No. Extinction does not beckon, but they are buckling under the political equivalent of front-loaded austerity. If last night was "peak UKIP", then 2015 is likely to be "trough LibDem". Forget about plots and rumours of leadership plots, nice guy Nick will be leading the yellow party into next year's general election. As previous rumbles and grumbles have shown, Clegg's grip on his parliamentary troops is impressive - Dave must envy the discipline of PLDP. "Left" pressure coming from Simon Hughes, Tim Farron and the recently re-principled Sarah Teather haven't caused him headaches worthy of the name. And, because their stock is so low, the Lord Rennard scandal scandal has barely touched them. Who notices a bit more mud when you're covered already in swill? LibDem ministers also like their cars and offices, and those who'd resigned their Parliamentary careers to a lifetime of opposition are enjoying the novelty of policy influence - an illusion that rubs off on layers of their beleaguered, traumatised membership. It will be an age if the LibDems ever get a look-in at government again, so best enjoy it while it lasts.
Their plummeting fortunes, however, are not a result of being in government per se. Had the arithmetic stacked up differently and the LibDems and Labour had gone in together in 2010, I can't help but think the damage to them wouldn't be anywhere near as bad. They have effectively acted as the Tories' meat shield. Their body politic is riddled with bullets as they betrayed the social liberalism assiduously cultivated from Paddy Ashdown on - tuition fees, bedroom tax, work capability assessments, the backdoor privatisation of the NHS, tax cuts for the very rich. It's the sidebar of policy shame. It's what happens if you promise one thing to the electorate, and do the opposite in power.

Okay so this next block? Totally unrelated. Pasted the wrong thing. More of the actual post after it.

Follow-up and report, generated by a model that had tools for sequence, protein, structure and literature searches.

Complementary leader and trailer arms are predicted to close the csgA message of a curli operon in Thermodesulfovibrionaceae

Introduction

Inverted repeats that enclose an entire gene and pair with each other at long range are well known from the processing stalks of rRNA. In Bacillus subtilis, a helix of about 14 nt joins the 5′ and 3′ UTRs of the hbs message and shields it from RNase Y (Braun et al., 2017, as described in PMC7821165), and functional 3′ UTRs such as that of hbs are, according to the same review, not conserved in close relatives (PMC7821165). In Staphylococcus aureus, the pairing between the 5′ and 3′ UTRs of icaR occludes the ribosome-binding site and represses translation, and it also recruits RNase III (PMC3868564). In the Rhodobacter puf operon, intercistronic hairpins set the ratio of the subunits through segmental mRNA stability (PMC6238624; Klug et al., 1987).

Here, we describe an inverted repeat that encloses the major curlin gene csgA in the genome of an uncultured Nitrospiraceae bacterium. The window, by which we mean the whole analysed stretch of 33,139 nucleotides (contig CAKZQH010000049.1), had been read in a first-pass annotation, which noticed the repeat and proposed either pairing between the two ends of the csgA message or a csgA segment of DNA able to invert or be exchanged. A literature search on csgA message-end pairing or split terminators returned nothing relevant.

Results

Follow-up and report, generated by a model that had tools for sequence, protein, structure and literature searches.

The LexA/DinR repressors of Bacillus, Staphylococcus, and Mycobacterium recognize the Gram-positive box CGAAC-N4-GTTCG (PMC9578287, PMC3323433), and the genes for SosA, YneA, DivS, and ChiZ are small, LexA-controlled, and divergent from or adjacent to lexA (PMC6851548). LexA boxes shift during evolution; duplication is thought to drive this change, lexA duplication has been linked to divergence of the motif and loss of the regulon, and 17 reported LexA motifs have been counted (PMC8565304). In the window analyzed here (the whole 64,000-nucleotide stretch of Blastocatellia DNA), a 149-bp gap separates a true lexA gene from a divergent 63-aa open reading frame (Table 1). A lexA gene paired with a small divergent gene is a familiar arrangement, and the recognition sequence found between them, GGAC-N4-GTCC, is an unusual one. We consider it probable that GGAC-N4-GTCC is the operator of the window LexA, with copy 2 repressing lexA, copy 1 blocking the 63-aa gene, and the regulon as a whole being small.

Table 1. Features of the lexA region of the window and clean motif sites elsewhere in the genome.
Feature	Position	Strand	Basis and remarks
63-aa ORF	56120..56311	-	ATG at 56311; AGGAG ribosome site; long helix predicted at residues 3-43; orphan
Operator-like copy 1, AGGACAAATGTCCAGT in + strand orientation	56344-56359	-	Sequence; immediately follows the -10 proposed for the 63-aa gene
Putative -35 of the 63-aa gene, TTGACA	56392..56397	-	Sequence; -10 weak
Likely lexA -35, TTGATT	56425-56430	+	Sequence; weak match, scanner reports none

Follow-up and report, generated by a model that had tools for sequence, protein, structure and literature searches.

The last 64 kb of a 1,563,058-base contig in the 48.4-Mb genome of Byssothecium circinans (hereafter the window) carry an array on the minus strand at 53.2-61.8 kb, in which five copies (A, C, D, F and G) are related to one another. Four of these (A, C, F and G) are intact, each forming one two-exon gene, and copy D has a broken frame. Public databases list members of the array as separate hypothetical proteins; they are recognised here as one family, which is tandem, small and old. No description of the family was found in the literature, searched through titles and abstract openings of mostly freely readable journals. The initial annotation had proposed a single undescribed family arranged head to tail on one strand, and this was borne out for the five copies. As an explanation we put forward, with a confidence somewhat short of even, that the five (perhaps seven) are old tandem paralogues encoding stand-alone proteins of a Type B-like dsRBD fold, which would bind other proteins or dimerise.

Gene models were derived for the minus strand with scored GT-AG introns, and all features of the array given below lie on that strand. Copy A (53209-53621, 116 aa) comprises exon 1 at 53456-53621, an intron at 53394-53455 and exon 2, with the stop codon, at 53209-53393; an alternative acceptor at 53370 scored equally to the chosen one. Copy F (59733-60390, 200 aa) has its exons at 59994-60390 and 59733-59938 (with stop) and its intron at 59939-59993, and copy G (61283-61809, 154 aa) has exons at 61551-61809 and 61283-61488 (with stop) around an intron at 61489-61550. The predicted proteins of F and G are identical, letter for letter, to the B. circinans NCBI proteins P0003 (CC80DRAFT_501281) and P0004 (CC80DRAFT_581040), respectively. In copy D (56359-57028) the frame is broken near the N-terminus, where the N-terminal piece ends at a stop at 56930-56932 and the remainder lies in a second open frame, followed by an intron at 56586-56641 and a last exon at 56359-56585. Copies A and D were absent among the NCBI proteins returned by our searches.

Where then do the LibDems go from here? Some hold out the hope that their reduced Westminster posse could hold the balance of power in a hung Parliament. That's possible, but with Ed Miliband nor Dave wanting to run another coalition, you can rule out high office. More likely, in my opinion, is the party looking at the blood price paid for five years of government and concluding they cannot carry on as they are. Returning to their all-things-to-all-people leftish liberalism holds the promise of rebuilding, of repeating all the patient, local work done over the last 20 years and getting the rewards for it. This will be much easier if next year's election takes out LibDem ministers and reduces them even further. On the other hand, assuming Labour wins on its equality ticket the LibDems may find it difficult to outflank them from the left. But as things stand, returning to their old comfort zone is the only viable option.